The Lawyers: William W. Orme (1832-1866)

William W. Orme, law partner of Leonard Swett in Bloomington, Illinois. Orphaned at 13, Orme never lacked for ambition and made influential friends. He was one of the band of Lincoln’s political and legal friends who worked for his presidential nomination in Chicago in May 1860. That band included Eighth Judicial District Judge David Davis, also of Bloomington. Orme, Swett and Davis were among the most prominent members of the “Bloomington faction” of Illinois Republican politics. Orme was close to Davis and worked with Swett to get the judge appointed to the Supreme Court.

Orme became a Union army officer in August 1862. Early in the month, President Lincoln wrote General-in-Chief Henry Halleck: “Gen. Halleck, please see the bearer, Mr. Swett, who will tell you truth only about Wm. W. Orme, whom I also know, to be one of the most active, competent, and best men in the world.”1 On August 20, 1862, Orme became a colonel of the newly recruited Ninety-fourth Illinois Infantry.

President Lincoln had reason to be further annoyed by Judge Davis, who pressed for and got Lincoln’s approval for Orme’s elevation to brigadier general after Orme’s distinguished service in the Battle of Prairie Grove on December 7, 1862. It may be this appointment that Davis referred to in an 1866 interview with William H. Herndon. According to Herndon’s notes: “I wanted Orm appointed – Lincoln saw me Coming – Said – There’s Davis he bothers one nearly to death – I applied for Orm. Lincoln said he would appoint him – said the list Contained Orms name – asked Lincoln to let me see it: he said Davis you have no faith. I said Lincoln I am a cautious man and want to see for my self. Let me see your list. I read it and saw they were out[.] They were out. Told Lincoln so – and Said By G-d I’d go and see who did it & Knife him – He sent it over and had it Corrected– ”2 Orme got his promotion in January 1863.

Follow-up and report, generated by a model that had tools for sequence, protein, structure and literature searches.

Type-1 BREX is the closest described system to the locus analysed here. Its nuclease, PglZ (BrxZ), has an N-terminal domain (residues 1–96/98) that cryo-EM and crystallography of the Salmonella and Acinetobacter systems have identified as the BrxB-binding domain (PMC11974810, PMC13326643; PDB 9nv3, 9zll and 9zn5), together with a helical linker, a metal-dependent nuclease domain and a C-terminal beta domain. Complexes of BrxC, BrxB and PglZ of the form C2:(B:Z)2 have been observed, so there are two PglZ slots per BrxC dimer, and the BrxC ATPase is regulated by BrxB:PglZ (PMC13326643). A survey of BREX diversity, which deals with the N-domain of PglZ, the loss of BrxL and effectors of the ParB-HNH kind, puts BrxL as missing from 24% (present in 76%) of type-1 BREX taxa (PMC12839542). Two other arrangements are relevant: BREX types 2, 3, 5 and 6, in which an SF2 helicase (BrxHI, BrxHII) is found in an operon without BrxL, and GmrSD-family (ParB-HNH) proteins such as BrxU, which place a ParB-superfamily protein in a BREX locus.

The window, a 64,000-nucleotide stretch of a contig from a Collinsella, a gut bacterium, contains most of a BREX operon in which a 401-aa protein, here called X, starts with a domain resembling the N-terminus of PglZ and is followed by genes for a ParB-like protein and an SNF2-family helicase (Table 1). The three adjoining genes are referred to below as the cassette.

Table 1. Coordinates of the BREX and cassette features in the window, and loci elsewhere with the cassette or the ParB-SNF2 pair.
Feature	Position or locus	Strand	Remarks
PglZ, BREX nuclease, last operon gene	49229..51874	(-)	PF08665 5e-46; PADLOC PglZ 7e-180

Then, Davis asked Lincoln to grant Orme a leave to handle the estate of his father-in-law, Lieutenant Colonel William McCullough, who died in battle in December 1862. Davis wrote Swett that President Lincoln grew “much annoyed” and declared “that the whole thing was full of trouble on account of the constant pressure on that account – that if leave was granted to Orme, he would have to grant leave to others.”3 Davis acknowledged that “pressure upon Lincoln for offices & promotions is as great as ever – He sometimes get very impatient – If ever a man sh[ou]d by sympathized with it is Lincoln–”4 Nevertheless, the leave was granted on January 22. Orme’s brother Joseph was killed in military action during the same time period.